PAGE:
This is the first of several associated posts from one flight almost 10 years ago. I’ve shared this before, but it just occurred to me that this blog was a better medium.
Note: In going back, I realized May 28th fell on a Monday that year. I sat down as soon as I could when I wrote this, so my days might have been off. The actual events took place May 26th. Aside from this note for clarification and the title of this post, everything will remain unchanged.
Sometimes, there are warnings about the material that follows – disclaimers of “If you are sensitive to disturbing imagery, do not proceed”. It seems that the reader is hooked at that point and rarely, if ever, heed the cautions and proceeds out of curiosity, only to find out halfway through, that they really didn’t want to know that much. By then, it is too late, and only the very sensitive can really stop reading.
Consider that your warning.
My routine for duty finds me up early every day, inspecting the aircraft for the next duty cycle. I’d gotten more sleep than usual the night before – mostly because my reservoir is running low, and mostly because I was in my usual mode of anticipation all night for the inevitable call at 3 am. Such was not the case, however, and my 4am wake up was only out of paranoia that the radio by the bed had silently dropped its charge during the night. So it was during this period of routine inspections that I found myself wondering if Iraq was changing me in ways so subtle I would not notice…
The call came shortly after. Point Of Injury. We never like hearing any calls on the radio, but that one we dread. Too many unknown variables. Too many possibilities. Nothing to do but respond, adding to my response a request for the Medic to grab my weapon on her way out to the bird and automatically start getting ready. We’re off not long after that, with the info that there are several “urgent surgical” litter patients waiting. Out of habit, I ask for latex gloves – this doesn’t sound good.
Everything runs together up to when we land, then it becomes quite clear. An IED. A crater in a divided highway. She’s out almost at the same time I am – she to intercept the four guys sprinting to the bird with a litter, me to watch her back and look for threats everywhere else. I see the first guy loaded on the bottom litter – torn clothes, but little blood. The second is loaded while I have my back turned – the trees and buildings in front of the bird worry me… everything around is regarded with careful suspicion. She is on my side when the third guy is being loaded in the back – the handles of the litter are keeping her from closing the door. I wave her in and we coax the door closed by shifting the litter just enough.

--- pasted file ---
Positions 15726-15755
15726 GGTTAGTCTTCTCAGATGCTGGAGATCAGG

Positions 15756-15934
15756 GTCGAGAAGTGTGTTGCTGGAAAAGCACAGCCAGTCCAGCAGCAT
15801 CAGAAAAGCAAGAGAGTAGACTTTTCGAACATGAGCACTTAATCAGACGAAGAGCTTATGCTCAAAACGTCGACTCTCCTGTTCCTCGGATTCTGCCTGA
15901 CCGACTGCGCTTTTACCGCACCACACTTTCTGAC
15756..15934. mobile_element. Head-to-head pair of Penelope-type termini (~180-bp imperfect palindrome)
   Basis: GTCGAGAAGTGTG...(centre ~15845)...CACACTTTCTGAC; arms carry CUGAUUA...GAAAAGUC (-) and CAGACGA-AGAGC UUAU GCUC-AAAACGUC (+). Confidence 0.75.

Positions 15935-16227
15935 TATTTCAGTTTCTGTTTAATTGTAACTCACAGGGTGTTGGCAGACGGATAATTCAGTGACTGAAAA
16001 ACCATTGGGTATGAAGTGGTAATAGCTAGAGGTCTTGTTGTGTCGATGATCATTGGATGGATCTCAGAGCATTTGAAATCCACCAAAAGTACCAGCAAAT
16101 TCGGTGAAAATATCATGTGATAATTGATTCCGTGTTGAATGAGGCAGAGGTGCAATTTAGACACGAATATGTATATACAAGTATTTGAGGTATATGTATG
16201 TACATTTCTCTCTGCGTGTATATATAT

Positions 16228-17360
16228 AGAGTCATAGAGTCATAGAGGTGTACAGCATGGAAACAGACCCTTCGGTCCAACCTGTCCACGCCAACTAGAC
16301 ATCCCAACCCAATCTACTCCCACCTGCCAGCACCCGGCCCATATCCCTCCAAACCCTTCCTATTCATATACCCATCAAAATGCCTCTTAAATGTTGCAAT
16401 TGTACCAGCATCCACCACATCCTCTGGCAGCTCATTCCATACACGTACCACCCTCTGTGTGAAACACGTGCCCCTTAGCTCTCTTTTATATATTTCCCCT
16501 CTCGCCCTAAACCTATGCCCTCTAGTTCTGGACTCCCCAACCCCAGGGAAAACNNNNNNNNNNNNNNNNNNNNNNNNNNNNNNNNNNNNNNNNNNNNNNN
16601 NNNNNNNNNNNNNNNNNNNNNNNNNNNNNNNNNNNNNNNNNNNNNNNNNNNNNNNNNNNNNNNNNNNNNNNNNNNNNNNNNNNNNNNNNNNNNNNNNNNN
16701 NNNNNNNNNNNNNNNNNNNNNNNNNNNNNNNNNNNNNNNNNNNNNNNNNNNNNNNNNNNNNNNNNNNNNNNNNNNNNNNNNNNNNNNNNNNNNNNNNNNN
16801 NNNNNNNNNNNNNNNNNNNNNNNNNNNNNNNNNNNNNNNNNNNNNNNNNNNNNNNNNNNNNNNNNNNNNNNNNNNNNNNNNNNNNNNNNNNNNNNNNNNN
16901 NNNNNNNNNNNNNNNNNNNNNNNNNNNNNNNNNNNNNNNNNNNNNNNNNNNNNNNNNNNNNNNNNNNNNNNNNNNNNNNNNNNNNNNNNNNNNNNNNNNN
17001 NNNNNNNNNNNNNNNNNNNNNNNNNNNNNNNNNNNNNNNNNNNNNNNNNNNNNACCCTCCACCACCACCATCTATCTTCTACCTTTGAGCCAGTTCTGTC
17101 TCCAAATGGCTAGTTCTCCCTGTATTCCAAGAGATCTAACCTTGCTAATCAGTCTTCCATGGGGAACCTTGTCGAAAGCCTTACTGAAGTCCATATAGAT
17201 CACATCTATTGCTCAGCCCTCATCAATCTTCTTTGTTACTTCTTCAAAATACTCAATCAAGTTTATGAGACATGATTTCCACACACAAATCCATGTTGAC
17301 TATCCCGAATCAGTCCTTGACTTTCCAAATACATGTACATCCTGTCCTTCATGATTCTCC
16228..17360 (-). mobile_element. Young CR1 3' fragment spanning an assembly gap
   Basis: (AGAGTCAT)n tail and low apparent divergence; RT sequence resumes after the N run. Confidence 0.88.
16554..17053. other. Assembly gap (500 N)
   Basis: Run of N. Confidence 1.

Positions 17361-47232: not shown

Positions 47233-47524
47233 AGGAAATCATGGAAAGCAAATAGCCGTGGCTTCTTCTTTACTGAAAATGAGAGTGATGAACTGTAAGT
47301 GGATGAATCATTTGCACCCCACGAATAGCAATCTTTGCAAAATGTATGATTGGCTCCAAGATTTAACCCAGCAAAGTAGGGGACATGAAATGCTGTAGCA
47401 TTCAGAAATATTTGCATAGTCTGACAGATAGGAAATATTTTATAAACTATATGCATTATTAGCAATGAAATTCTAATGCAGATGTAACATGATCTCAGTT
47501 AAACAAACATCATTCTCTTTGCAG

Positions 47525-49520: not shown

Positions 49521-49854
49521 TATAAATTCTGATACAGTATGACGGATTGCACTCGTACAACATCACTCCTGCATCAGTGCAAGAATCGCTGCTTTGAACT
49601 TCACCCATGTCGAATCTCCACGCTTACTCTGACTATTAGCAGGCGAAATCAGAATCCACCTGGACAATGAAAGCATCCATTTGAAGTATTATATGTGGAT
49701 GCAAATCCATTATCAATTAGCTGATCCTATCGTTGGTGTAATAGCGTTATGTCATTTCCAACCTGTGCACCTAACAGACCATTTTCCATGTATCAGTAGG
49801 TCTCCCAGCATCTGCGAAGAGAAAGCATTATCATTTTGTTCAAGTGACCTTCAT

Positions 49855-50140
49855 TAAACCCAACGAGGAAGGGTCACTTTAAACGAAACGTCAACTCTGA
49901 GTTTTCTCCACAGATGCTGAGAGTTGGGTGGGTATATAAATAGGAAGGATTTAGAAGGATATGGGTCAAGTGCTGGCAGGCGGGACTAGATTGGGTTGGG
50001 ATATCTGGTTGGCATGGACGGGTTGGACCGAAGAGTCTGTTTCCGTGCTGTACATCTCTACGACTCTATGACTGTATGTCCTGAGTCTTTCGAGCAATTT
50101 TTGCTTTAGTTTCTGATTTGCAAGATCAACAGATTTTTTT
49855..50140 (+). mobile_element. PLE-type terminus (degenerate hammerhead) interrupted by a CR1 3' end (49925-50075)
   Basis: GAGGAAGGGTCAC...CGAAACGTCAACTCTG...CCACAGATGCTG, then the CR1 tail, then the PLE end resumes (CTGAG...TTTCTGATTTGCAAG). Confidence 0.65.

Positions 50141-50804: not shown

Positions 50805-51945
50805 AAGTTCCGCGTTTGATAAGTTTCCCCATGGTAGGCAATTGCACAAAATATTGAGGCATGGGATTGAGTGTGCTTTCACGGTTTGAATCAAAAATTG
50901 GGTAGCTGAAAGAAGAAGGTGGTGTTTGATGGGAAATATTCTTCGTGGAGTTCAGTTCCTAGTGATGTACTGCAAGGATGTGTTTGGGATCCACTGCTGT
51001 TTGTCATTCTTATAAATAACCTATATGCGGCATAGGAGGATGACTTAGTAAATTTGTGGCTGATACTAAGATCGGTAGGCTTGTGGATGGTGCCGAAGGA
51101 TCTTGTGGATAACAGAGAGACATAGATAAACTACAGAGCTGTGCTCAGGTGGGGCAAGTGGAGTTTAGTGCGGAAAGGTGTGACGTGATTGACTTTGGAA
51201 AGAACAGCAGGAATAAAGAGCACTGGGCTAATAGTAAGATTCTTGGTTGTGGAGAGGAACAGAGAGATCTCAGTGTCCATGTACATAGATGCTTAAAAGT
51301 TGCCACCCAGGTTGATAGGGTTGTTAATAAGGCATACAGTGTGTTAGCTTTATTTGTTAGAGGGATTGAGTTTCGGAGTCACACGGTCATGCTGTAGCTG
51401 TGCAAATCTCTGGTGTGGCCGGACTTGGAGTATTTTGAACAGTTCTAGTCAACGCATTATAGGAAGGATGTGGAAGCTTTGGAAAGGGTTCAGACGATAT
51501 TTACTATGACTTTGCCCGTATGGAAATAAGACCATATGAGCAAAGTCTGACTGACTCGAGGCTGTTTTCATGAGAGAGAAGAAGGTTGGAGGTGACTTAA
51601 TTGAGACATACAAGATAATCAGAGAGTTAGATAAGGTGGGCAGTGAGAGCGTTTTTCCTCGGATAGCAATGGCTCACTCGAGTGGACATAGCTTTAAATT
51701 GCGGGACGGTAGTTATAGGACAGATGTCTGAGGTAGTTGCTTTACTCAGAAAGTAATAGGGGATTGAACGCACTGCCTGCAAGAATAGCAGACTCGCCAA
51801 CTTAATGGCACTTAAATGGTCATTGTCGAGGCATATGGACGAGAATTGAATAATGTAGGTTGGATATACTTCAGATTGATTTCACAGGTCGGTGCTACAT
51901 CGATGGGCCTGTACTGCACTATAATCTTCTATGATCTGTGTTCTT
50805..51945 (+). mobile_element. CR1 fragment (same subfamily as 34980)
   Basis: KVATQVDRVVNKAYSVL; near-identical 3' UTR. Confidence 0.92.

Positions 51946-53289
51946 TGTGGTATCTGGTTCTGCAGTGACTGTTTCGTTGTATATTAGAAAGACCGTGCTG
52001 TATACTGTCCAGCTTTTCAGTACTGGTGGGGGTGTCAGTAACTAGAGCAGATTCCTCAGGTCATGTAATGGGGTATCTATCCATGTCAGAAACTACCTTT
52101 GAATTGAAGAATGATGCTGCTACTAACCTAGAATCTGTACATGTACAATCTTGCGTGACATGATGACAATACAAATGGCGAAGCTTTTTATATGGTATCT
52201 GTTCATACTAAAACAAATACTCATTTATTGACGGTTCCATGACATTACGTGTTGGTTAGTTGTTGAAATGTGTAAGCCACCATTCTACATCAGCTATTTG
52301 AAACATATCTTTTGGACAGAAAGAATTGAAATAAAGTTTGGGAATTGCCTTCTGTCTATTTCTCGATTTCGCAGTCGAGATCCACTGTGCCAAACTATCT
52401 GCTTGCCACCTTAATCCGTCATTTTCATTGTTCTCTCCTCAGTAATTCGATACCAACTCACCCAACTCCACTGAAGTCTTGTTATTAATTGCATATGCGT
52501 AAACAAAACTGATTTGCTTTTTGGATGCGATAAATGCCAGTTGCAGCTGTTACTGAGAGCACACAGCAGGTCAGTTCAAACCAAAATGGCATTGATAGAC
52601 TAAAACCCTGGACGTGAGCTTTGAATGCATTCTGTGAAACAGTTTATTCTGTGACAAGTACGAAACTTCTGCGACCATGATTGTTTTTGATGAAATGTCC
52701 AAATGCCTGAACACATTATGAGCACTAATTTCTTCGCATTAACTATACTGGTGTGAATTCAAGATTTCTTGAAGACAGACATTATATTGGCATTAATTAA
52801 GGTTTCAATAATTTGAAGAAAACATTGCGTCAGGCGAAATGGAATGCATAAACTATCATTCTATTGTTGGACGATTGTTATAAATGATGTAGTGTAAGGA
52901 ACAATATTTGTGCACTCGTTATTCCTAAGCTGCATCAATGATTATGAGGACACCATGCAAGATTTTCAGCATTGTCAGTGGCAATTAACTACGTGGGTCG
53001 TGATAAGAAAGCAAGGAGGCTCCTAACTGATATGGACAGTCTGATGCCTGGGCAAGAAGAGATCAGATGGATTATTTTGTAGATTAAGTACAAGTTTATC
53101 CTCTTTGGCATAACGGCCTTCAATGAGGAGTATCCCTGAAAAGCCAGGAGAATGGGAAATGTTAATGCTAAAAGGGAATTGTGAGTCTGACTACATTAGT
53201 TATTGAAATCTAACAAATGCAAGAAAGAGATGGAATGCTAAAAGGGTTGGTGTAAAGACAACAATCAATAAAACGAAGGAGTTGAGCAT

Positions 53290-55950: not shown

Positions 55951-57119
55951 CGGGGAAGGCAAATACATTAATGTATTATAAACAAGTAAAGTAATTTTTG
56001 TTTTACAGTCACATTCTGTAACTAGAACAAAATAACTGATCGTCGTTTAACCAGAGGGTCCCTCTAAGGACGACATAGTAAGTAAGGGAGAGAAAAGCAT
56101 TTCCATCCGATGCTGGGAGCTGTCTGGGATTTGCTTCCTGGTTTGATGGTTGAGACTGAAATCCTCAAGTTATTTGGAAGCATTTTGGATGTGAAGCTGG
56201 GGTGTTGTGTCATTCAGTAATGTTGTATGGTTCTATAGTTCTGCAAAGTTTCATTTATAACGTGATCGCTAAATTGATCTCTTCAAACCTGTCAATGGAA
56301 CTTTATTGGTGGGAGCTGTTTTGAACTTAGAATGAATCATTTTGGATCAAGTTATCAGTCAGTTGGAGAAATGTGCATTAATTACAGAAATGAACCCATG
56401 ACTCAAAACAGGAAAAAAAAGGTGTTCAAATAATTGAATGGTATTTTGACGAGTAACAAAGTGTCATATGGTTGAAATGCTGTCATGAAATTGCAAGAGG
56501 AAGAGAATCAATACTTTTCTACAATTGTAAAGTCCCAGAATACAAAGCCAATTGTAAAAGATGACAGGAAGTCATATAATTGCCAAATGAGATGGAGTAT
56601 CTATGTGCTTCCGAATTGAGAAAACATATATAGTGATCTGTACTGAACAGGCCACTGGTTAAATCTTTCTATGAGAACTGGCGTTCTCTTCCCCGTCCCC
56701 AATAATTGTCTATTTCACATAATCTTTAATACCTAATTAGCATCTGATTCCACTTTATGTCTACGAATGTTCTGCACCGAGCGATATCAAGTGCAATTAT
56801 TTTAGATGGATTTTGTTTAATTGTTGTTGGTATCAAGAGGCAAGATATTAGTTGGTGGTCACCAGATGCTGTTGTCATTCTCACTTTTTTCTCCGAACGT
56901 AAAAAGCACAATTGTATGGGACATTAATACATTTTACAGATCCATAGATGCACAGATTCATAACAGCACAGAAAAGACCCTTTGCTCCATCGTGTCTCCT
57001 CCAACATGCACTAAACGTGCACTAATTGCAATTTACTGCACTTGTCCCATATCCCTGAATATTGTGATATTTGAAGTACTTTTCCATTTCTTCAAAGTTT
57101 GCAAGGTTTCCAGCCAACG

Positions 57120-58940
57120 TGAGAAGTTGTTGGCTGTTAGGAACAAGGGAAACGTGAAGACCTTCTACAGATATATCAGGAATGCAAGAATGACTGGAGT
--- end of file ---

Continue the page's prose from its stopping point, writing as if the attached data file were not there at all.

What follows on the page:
“CPR.” We haven’t even taken off and she’s checked the bottom guy already. Damn she’s quick, but for good reason. I can see blood on the litter pan below him. I’ve clipped my push-to-talk clicker on the left side of my vest since I can’t stand hunting for it when I need to talk. I let the pilots know we’re both busy and I start chest compressions kneeling and hunched over awkwardly in the little space between the upper pan and the bottom guy. I’ve known how to do CPR since ’88, but I’ve never had to do it. Still, it comes naturally –push, push push… all the while, she is trying to get air into him. We’ve been back in the air for what seems like a minute.
The guy above me is coughing, his face is bloody, and I’ve already let her know. His right arm, however, is above my left shoulder as I do compressions and is getting in my way. We switch after 60 and I check on the guy above, quickly. Still coughing, but coughing requires breathing. I quickly try to reposition his arm. My helmet is full of talking. I’m talking.
“Get the pulse ox on him”
“Hang in there… keep fighting…”
“…we’ll wait for you…”